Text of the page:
We recently asked you to list your choices for the 10 greatest Dodgers of all time, and vote you did, as we received an amazing 12,231 ballots. So many people voted that we have decided to expand the list from the top 10 to the top 20. Each weekday at 11 a.m. PDT, a new person will be listed as we count down all 20.
Remember, any Dodger, Brooklyn or L.A., was eligible, including managers, owners, announcers, etc. Points were assigned based on where you listed the person on the ballot. Your first choice received 12 points, second choice 10, third place eight, all the way down to one point for 10th place.
So without further ado, here is No. 3:
No. 3: Vin Scully (2,298 first-place votes, 75,199 points)
When you think of the Dodgers, the first thing that pops into the minds of most people is Vin Scully, the greatest sports broadcaster in history.
Scully joined the Dodgers in 1950, working alongside Radio Hall of Famer and baseball legend Red Barber. In 1976, Dodger fans voted Scully the “most memorable personality” in Los Angeles Dodger history.
When the Dodgers moved to L.A. in 1958, they played at the Coliseum, which wasn't really designed for baseball and had some poor sight lines for the fans. Because some fans had such difficulty following the action there, they began to bring radios to the game and would listen while they were watching it live, a practice that continues to this day at Dodger Stadium.
In recent years, Scully cut back his work schedule, doing much less traveling than he used to. Usually, he will call the first three innings on radio and television, then work the rest of the game only on television.
Some of Scully's most memorable calls and quotes (courtesy of baseball-almanac.com):
"All year long they looked to him [Kirk Gibson] to light the fire and all year long he answered the demands. High fly ball into right field. She is gone! [pause] In a year that has been so improbable, the impossible has happened."
"Sometimes it seems like he's [Bobby Bonilla] playing underwater."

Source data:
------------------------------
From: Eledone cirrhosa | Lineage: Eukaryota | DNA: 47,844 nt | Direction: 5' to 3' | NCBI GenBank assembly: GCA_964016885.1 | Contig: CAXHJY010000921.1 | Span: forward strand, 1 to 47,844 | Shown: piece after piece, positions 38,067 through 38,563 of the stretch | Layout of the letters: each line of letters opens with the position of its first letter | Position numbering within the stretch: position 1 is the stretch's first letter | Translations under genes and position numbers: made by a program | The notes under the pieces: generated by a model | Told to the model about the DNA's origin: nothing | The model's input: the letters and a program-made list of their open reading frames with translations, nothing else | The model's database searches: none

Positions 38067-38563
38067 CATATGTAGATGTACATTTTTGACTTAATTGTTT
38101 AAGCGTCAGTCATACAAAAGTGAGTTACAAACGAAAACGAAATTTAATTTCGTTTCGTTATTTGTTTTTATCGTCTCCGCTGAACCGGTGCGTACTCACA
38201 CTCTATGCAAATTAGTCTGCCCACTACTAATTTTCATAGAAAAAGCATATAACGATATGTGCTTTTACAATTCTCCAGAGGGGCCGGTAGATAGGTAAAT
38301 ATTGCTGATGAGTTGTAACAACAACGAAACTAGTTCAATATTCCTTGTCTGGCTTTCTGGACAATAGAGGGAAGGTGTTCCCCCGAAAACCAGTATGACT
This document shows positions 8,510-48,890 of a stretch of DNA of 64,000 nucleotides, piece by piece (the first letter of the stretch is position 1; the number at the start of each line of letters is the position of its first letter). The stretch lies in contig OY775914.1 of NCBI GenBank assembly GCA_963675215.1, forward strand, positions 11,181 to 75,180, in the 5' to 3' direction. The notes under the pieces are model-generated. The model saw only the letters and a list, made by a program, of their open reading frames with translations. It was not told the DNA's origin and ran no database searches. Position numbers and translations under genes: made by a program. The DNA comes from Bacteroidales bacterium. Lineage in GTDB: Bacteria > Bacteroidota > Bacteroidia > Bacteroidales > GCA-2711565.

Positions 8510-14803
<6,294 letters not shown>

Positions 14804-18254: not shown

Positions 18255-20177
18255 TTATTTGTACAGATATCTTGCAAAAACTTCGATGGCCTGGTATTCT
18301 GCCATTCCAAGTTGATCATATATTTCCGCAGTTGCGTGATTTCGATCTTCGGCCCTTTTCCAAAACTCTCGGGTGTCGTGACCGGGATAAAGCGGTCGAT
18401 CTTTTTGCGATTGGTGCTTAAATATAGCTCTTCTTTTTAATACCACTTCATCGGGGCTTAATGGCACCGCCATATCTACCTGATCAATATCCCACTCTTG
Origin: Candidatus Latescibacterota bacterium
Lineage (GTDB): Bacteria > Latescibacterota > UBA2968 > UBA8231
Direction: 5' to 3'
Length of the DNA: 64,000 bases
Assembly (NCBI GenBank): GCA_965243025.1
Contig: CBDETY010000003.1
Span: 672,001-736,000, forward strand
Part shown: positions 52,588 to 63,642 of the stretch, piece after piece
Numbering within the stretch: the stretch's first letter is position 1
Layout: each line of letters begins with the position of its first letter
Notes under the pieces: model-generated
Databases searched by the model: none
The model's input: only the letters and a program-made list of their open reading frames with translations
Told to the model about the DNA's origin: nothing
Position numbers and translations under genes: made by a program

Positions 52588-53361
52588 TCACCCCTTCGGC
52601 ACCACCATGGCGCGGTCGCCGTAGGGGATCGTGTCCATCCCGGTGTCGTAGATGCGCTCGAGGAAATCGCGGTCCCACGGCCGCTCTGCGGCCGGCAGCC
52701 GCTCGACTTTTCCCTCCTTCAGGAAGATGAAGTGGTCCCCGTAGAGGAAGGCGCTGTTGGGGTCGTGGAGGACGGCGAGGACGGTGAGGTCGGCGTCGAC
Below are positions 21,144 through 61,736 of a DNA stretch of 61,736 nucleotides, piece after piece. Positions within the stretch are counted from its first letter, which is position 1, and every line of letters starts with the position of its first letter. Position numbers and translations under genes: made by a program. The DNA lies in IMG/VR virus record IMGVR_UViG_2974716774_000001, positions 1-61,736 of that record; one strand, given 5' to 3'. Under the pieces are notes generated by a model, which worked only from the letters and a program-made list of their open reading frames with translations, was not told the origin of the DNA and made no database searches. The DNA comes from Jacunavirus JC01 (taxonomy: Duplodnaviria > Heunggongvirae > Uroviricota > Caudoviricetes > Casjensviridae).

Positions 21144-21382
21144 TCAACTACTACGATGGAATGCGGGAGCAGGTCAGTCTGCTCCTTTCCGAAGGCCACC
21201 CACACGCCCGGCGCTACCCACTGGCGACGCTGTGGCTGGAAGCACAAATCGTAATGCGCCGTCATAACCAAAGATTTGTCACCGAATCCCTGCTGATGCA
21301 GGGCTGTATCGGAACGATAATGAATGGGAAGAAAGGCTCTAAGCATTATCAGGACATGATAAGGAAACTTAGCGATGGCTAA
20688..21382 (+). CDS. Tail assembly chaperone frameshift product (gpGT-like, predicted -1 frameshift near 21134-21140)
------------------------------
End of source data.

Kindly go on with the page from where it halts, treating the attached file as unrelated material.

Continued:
"There's a high bouncer over the mound, over second base, Mantilla's up with it, throws low and wild ...Hodges scores, we go to Chicago! [crowd noise for a nice long while] The Cinderella team [1959 Los Angeles Dodgers] of the National League."
"There's a little roller up along first, behind the bag! It gets through Buckner! Here comes Knight and the Mets win it!" -- 1986 World Series
"When he [Maury Wills] runs, it's all downhill."
"Andre Dawson has a bruised knee and is listed as day-to-day [pause]. Aren't we all?"
"Football is to baseball as blackjack is to bridge. One is the quick jolt. The other the deliberate, slow-paced game of skill, but never was a sport more ideally suited to television than baseball. It's all there in front of you. It's theater, really. The star is the spotlight on the mound, the supporting cast fanned out around him, the mathematical precision of the game moving with the kind of inevitability of Greek tragedy. With the Greek chorus in the bleachers!"
"He [Bob Gibson] pitches as though he's double-parked."
"He's [Tom Glavine] like a tailor; a little off here, a little off there and you're done, take a seat."
"How good was Stan Musial? He was good enough to take your breath away."
"It's a mere moment in a man's life between the All-Star Game and an old timers' game."
"It's a passing [the last NBC Game of the Week on Oct. 9, 1989] of a great American tradition. It is sad. I really and truly feel that. It will leave a vast window, to use a Washington word, where people will not get Major League Baseball and I think that's a tragedy."
"I would come home to listen to a football game — there weren't other sports on — and I would get a pillow and I would crawl under the radio, so that the loudspeaker and the roar of the crowd would wash all over me, and I would just get goose bumps like you can't believe. And I knew that of all the things in this world that I wanted, I wanted to be that fella saying, whatever, home run, or touchdown. It just really got to me."
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